KORVA COLEMAN, HOST:
President Trump has been tweeting about Amazon this weekend. He wrote, quote, "It is reported that the U.S. post office will lose $1.50 on average for each package it delivers for Amazon. That amounts to billions of dollars." Trump did not cite specific reports. Amazon's stock value tumbled last week amid reports that the president is, quote, "obsessed with regulating the giant." Lina Khan is director of legal policy at the Open Markets Institute, and she joins me now to talk about how antitrust law handles Amazon. Lina, thank you for being with us.
LINA KHAN: Good to be here.
COLEMAN: Let me first say, Amazon is among NPR's corporate sponsors. Is there any truth to the claims that the post office loses $1.50 on each package?
KHAN: So the post office is losing money through doing business with Amazon. There was a recent report by Citigroup that estimated that - right now, basically, the post office charges Amazon around $2.00 per package, and Citigroup estimated that a more accurate cost estimate would be something like 41 percent greater. I think the fact that, you know, Amazon is able to do business at very favorable terms to Amazon and to terms that the post office is losing money on, there is truth to that.
COLEMAN: Lina, Amazon has a big footprint in some pretty unlikely areas of the market, and here's a few of them - Amazon Web Services controls a little more than a third of all cloud-computing capacity, according to The Nation magazine. It's got Oscar-winning movies such as "Manchester By The Sea". It just picked up Whole Foods Markets. Is what Amazon doing with all this work legal?
KHAN: So under the current interpretation of antitrust laws, Amazon seems to be getting a free pass. So I should say that antitrust laws in, their current state, don't prohibit conglomeration. They don't prohibit a single company from being involved in all these different lines of business. But what they are supposed to prevent is a company that enjoys a dominant footprint in one area of the market, using that footprint to leverage its way into other markets, and so I think that's the area where Amazon potentially should be facing scrutiny.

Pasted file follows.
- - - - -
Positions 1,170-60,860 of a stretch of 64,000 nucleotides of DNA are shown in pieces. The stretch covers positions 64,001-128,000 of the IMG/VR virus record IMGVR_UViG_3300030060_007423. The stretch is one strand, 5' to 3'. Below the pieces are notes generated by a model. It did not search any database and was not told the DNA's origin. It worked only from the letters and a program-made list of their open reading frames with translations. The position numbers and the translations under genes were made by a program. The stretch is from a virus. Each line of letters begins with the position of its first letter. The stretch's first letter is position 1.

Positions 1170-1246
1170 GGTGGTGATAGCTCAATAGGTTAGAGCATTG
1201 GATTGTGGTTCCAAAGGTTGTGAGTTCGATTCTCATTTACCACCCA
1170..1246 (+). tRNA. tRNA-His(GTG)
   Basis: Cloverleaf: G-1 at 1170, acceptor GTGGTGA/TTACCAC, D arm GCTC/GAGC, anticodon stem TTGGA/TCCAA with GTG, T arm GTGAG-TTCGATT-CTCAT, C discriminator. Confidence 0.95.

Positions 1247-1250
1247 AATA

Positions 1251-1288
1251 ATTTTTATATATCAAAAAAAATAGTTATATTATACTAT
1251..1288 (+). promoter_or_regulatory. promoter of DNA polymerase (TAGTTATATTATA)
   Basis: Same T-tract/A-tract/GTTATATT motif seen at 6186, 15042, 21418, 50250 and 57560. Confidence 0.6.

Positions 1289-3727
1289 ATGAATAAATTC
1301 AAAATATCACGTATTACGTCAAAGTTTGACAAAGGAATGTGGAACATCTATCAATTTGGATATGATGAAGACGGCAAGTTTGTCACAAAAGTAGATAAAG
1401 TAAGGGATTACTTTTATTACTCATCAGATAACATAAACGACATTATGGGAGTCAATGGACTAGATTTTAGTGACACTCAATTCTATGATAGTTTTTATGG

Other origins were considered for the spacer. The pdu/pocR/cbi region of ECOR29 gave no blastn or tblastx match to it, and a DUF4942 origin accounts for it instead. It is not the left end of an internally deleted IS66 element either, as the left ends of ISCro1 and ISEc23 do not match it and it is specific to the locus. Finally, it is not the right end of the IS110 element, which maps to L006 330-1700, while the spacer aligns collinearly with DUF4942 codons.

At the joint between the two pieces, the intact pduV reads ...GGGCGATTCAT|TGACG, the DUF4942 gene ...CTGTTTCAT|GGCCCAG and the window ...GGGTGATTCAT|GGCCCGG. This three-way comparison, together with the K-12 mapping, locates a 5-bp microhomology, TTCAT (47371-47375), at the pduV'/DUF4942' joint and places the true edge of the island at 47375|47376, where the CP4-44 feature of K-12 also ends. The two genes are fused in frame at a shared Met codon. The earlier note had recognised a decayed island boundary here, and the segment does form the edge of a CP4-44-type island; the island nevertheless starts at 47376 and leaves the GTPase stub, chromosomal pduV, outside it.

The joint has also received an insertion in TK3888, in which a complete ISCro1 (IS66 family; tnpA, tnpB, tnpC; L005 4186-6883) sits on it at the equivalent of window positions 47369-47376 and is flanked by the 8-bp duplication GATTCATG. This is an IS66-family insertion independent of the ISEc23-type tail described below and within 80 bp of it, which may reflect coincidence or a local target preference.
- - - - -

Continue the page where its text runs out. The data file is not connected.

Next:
COLEMAN: So, Lina, if antitrust laws were enforced, how would Amazon have to change? What would have to be broken up or altered?
KHAN: Yeah, that's a great question. So I think there are a couple of ways you could do it, but I think one of the main issues with Amazon right now is that there is a huge conflict of interest baked into its business model, and this is because Amazon is a infrastructure service for all of these other companies. But it's also competing directly with many of the companies that are using its platform. So you see this, you know, in sector after sector where you have all these independent producers that are reliant on Amazon's platform to reach consumers, but oftentimes they find that Amazon has actually introduced a replica good oftentimes through, you know, spotting what's doing well on its platform. And I think that is a really - a parasitic dynamic that we're now seeing where you have these independent producers that are undertaking the initial risk of bringing a good to market, but it's ultimately Amazon that's able to reap off of that risk.
COLEMAN: Lina Kahn is director of legal policy at the Open Markets Institute. Lina, thank you very much.
KHAN: Thanks for having me.
NPR transcripts are created on a rush deadline by Verb8tm, Inc., an NPR contractor, and produced using a proprietary transcription process developed with NPR. This text may not be in its final form and may be updated or revised in the future. Accuracy and availability may vary. The authoritative record of NPR’s programming is the audio record.